Ten months in, Britain’s resolve continues to be tested by the coronavirus pandemic. In July, prime minister Boris Johnson set out a plan for ‘significant normality’ by Christmas – but aside from the slow vaccine rollout, things are getting worse, not better. London and vast swathes of Southeast England have been plunged into the new Tier 4, with talk of a new Tier 5 on the way. More than 40 countries have banned UK arrivals.
How has Britain ended up in such a state? To find a culprit, look no further than the economic ideology that has governed political policy for almost half a century.
Back in 1945, Labour’s sweeping electoral victory came with the promise of a social revolution. The 1944 Education Act, the 1945 Family Allowance Act, and the 1946 National Health Service Act were all passed, illustrating the belief in an economic prescription that had the relief of poverty, the redistribution of wealth, and the advancement of a robust safety net at its core.
As prime minister in the 1980s, Margaret Thatcher overrode these ideals and ushered in a neoliberal formula which has been the modus operandi of elected governments since. At its heart is a conviction that tax and regulation should be minimised, social welfare reduced, and public services privatised. Emphasis is placed on the free market, and the belief that it ensures everyone gets what they deserve. The 1988 tax reform budget—which slashed corporation and inheritance taxes and cut the top income tax rate from 60 percent to 40 percent—was proof of the changing economic orthodoxy.
Neoliberal economics remained the central pillar of politics under Blair’s New Labour, and starting with David Cameron’s 2010 government, the last decade has seen the neoliberal blueprint combined with a complementary austerity programme which seeks to solve a lack of public funds by any measure other than raising the top rate of tax to a sustainable level.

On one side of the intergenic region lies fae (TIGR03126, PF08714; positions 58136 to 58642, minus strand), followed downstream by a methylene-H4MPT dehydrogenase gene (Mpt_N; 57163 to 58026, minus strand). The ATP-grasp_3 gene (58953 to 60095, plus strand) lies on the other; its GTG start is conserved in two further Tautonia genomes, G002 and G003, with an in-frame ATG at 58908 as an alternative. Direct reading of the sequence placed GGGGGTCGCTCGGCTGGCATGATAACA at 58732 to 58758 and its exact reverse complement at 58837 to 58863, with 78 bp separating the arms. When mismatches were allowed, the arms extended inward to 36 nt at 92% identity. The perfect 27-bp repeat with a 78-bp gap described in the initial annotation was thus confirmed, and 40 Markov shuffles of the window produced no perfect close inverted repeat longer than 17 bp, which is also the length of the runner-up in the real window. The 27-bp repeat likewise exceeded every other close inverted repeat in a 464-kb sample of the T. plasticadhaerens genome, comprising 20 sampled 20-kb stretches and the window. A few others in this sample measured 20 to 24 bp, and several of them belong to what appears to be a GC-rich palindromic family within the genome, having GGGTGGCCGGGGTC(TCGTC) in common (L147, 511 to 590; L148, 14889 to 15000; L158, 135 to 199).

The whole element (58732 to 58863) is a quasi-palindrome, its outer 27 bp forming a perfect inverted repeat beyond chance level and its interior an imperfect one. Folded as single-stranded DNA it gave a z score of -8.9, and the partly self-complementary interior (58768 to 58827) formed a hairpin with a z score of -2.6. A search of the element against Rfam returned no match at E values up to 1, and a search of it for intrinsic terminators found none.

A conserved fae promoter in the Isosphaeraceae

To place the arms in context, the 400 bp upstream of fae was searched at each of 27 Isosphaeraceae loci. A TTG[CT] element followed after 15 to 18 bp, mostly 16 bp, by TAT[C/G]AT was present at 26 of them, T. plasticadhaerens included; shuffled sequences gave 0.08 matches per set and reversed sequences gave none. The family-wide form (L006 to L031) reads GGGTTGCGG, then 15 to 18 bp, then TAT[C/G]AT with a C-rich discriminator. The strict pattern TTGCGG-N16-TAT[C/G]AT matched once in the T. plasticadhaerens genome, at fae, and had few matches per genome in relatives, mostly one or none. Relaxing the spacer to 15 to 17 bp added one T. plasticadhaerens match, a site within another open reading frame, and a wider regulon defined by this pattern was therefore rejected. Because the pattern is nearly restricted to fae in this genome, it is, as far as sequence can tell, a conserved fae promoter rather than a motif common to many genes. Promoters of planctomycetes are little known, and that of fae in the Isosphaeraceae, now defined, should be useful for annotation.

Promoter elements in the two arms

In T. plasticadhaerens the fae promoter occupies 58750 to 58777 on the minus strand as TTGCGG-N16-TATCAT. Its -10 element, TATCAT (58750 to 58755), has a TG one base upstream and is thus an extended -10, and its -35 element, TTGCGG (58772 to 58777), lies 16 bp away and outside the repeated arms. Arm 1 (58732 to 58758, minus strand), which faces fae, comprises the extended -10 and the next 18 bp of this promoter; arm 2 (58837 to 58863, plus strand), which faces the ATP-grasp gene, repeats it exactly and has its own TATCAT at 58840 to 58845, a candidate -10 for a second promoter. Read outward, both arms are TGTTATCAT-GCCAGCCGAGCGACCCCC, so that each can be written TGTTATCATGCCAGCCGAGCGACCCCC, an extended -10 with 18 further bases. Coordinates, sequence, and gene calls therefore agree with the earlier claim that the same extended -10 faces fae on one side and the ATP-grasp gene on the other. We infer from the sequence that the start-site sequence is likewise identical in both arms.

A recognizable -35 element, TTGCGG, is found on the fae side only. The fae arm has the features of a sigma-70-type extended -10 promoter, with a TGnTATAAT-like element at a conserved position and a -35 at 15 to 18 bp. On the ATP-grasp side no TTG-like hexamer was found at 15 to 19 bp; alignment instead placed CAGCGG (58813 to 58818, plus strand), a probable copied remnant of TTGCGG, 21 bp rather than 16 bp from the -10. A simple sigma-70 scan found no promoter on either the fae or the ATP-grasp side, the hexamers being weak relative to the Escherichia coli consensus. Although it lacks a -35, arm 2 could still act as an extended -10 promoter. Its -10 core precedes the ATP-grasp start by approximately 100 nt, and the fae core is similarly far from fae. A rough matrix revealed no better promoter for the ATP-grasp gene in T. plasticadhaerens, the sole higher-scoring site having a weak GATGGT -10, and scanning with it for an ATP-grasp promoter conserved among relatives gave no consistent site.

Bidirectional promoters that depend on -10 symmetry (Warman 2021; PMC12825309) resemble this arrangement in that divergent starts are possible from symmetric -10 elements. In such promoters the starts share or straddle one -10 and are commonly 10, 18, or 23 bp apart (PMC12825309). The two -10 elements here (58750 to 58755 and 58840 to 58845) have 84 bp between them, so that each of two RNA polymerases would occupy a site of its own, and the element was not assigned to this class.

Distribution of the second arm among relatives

Austerity is itself a symptom of the neoliberal doctrine; former chancellor George Osborne made that clear when, in the aftermath of the financial crisis, he stipulated that ‘The country has overspent; it has not been under-taxed’. Reduction had to come from lower spending rather than higher taxes – the outcome supposedly being that market forces would be left to operate spontaneously, enhancing efficiency and increasing investment.
This thinking is rooted in the idea that insofar as increased taxation hits the rich, it will deter ‘wealth creation’ and everyone will end up poorer. That, alongside state intervention and the organisation of labour, is a distortion of the market that impedes the formation of a natural hierarchy of winners and losers.
But it was these neoliberal austerity measures that hamstrung Britain’s chances of adequately coping with a pandemic.
A report by the Institute for Public Policy Research has showed that austerity ‘ripped the resilience out of health and care services’ even before the Covid crisis kicked in. NHS reform legislation passed in 2012 moved responsibility for public health from the centralised NHS to local authorities – and those local authority budgets were cut by nearly a third from 2010 to 2018.